While there has been some progress, the slow implementation of Colombia’s peace agreement continues to be a source of discontent, especially as rural communities continue to suffer violence and displacement. Part two of our ongoing look at the issues that face the country.
Colombia’s 2016 peace agreement between the government and the FARC has been hailed as historic, experts consider it to be one of the most comprehensive and innovative deals ever reached. However, its implementation has seen many hurdles and it continues to stir controversy among a deeply polarised and divided society.
Although last year’s protests were not primarily driven by concerns associated with the peace accord, it has influenced the mass demonstrations in at least two ways.
While it is true that certain regions of the country face a surge of targeted killings, peace with the FARC did lead to an overall drop in violence. Consequently, people’s day-to-day concerns have shifted away from the armed conflict towards issues such as corruption and cuts to pensions or education.
Secondly, and all its controversy notwithstanding, the peace agreement is backed by a large sector of Colombian society (it was only narrowly rejected in a plebiscite in 2016). The National Strike Committee has included the issue in its demands, urging President Iván Duque in a letter to “comprehensively implement the peace agreement and explore possibilities to resume negotiations with the ELN.”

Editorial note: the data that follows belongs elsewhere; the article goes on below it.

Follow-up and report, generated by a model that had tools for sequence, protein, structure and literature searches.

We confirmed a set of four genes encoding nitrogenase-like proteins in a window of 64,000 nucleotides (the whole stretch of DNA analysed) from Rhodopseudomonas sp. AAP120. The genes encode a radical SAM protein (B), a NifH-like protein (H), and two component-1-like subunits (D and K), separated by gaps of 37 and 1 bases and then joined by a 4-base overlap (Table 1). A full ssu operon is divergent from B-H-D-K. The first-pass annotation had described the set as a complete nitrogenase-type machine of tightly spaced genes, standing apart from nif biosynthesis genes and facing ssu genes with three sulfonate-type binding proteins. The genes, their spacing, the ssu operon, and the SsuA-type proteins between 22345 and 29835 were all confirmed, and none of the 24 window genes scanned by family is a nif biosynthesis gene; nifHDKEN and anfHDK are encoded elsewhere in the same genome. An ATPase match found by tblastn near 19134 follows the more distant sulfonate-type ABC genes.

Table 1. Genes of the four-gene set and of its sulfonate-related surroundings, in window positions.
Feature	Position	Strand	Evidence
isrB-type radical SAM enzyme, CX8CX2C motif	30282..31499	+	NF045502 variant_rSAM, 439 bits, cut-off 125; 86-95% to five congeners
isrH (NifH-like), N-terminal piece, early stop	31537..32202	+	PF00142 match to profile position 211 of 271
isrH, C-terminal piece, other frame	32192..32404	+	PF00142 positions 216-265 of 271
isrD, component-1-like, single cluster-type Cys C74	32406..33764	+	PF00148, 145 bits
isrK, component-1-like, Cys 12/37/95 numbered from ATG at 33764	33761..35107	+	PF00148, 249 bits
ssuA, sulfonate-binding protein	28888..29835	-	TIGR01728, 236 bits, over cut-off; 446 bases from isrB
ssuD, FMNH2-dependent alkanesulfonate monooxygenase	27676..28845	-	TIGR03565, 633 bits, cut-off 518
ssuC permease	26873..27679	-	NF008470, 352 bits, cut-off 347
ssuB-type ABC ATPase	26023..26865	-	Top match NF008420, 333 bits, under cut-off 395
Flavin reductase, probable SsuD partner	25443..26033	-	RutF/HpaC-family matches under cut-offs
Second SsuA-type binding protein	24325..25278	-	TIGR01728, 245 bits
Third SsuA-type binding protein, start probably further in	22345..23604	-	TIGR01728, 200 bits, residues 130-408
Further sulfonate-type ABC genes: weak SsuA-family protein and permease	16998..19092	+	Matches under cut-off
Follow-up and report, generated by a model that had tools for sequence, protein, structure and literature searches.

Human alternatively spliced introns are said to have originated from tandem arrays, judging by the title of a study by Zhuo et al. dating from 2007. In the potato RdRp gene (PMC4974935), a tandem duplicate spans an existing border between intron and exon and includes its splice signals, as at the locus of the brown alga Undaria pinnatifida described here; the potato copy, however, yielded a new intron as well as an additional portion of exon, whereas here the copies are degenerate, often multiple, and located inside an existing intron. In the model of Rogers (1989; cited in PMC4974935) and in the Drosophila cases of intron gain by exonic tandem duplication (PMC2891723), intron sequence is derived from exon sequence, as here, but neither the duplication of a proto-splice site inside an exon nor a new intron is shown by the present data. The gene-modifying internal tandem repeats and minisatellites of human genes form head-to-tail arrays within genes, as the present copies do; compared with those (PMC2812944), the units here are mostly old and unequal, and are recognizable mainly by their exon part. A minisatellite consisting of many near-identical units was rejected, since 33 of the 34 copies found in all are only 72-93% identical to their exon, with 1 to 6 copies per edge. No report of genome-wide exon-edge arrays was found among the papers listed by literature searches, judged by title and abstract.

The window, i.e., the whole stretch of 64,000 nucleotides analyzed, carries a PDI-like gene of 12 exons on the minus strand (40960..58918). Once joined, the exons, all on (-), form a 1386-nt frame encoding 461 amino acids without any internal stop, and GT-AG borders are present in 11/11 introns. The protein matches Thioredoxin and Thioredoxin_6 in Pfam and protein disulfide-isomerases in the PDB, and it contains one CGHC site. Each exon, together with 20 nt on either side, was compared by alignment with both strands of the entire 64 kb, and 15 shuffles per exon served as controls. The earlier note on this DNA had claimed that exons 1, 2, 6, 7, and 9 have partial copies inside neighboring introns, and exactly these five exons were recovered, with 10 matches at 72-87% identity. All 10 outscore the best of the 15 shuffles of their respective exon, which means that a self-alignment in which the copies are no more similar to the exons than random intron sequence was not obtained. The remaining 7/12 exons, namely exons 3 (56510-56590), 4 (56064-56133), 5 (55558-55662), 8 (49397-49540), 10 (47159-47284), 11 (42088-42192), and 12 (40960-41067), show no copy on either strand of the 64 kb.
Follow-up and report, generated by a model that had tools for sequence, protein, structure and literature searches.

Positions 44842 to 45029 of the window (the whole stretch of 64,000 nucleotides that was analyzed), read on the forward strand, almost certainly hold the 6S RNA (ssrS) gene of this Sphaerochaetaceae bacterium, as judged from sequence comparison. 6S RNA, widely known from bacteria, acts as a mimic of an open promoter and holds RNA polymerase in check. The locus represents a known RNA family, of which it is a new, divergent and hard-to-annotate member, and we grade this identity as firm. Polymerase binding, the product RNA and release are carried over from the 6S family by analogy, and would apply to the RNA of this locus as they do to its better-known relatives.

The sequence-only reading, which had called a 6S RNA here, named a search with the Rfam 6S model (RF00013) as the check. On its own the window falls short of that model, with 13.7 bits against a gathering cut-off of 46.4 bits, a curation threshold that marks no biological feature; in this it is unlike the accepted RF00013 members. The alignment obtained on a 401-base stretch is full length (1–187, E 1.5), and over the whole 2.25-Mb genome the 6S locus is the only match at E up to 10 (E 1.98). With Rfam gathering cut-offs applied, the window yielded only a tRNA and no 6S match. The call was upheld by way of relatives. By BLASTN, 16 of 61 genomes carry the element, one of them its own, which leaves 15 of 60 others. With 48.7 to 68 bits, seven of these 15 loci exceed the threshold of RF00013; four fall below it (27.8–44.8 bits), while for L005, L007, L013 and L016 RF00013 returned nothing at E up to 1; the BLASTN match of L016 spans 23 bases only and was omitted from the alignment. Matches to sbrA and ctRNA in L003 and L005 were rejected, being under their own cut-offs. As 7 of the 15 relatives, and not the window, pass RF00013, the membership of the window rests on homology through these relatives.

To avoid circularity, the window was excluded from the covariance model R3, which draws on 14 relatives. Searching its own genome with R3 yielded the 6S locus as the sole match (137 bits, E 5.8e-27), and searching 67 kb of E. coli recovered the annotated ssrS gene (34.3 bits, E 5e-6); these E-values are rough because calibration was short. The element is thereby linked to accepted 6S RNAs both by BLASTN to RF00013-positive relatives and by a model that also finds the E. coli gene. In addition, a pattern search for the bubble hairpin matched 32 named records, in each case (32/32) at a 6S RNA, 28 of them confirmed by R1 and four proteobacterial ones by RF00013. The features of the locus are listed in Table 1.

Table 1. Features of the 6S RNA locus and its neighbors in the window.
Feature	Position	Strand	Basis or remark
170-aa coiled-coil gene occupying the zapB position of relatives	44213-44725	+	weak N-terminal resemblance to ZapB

However, Duque has done little to convince this sector of his intentions to comply with these demands. On the contrary, since taking office he has made several efforts to follow through on his campaign promise to “correct” the peace agreement with the FARC: in March, he launched a series of objections targeting the Special Jurisdiction for Peace, a transitional justice tribunal created to try war crimes committed during the armed conflict. In addition, many protesters consider that his social and economic policies have disregarded key measures of the peace agreement aimed at improving security and development in rural areas.
The Kroc Institute for International Peace Studies has been monitoring the state of implementation of the peace deal and has stressed important advances, such as the disarmament of the FARC and its transition to a legal political party. Meanwhile, measures concerning the substitution of illegal crops and rural reforms show little progress. Such measures would be crucial to address the violence that has spiked in former FARC strongholds where newly formed criminal gangs or remaining rebel groups such as the ELN have gained control.
In these areas, prospects for a real peace are clouded by on-going killings of social leaders and former FARC rebels: according to the NGO Indepaz, 29 social leaders and five demobilized FARC combatants were murdered in the first 30 days of 2020 alone.
These are not the only trends that have enraged supporters of the peace deal. In November 2019 news broke that the Colombian military had killed 18 minors during an aerial raid on a dissident FARC camp in the southern province of Caquetá.
“We have to recognise that the armed conflict has not ceased in some territories and continues to affect the safety of our children,” said Hilda Molano of the Coalition against the Recruitment of Children in the Armed Conflict (COALICO).
Against the backdrop of such events, peace remains elusive for many Colombians. Even if Duque were to follow through on every measure of the peace deal, the structural reforms needed to eradicate residual violence and promote development in the countryside would take years to deliver tangible results. Until then, public discontent, especially in neglected territories, is unlikely to die down.
By Viviana Durán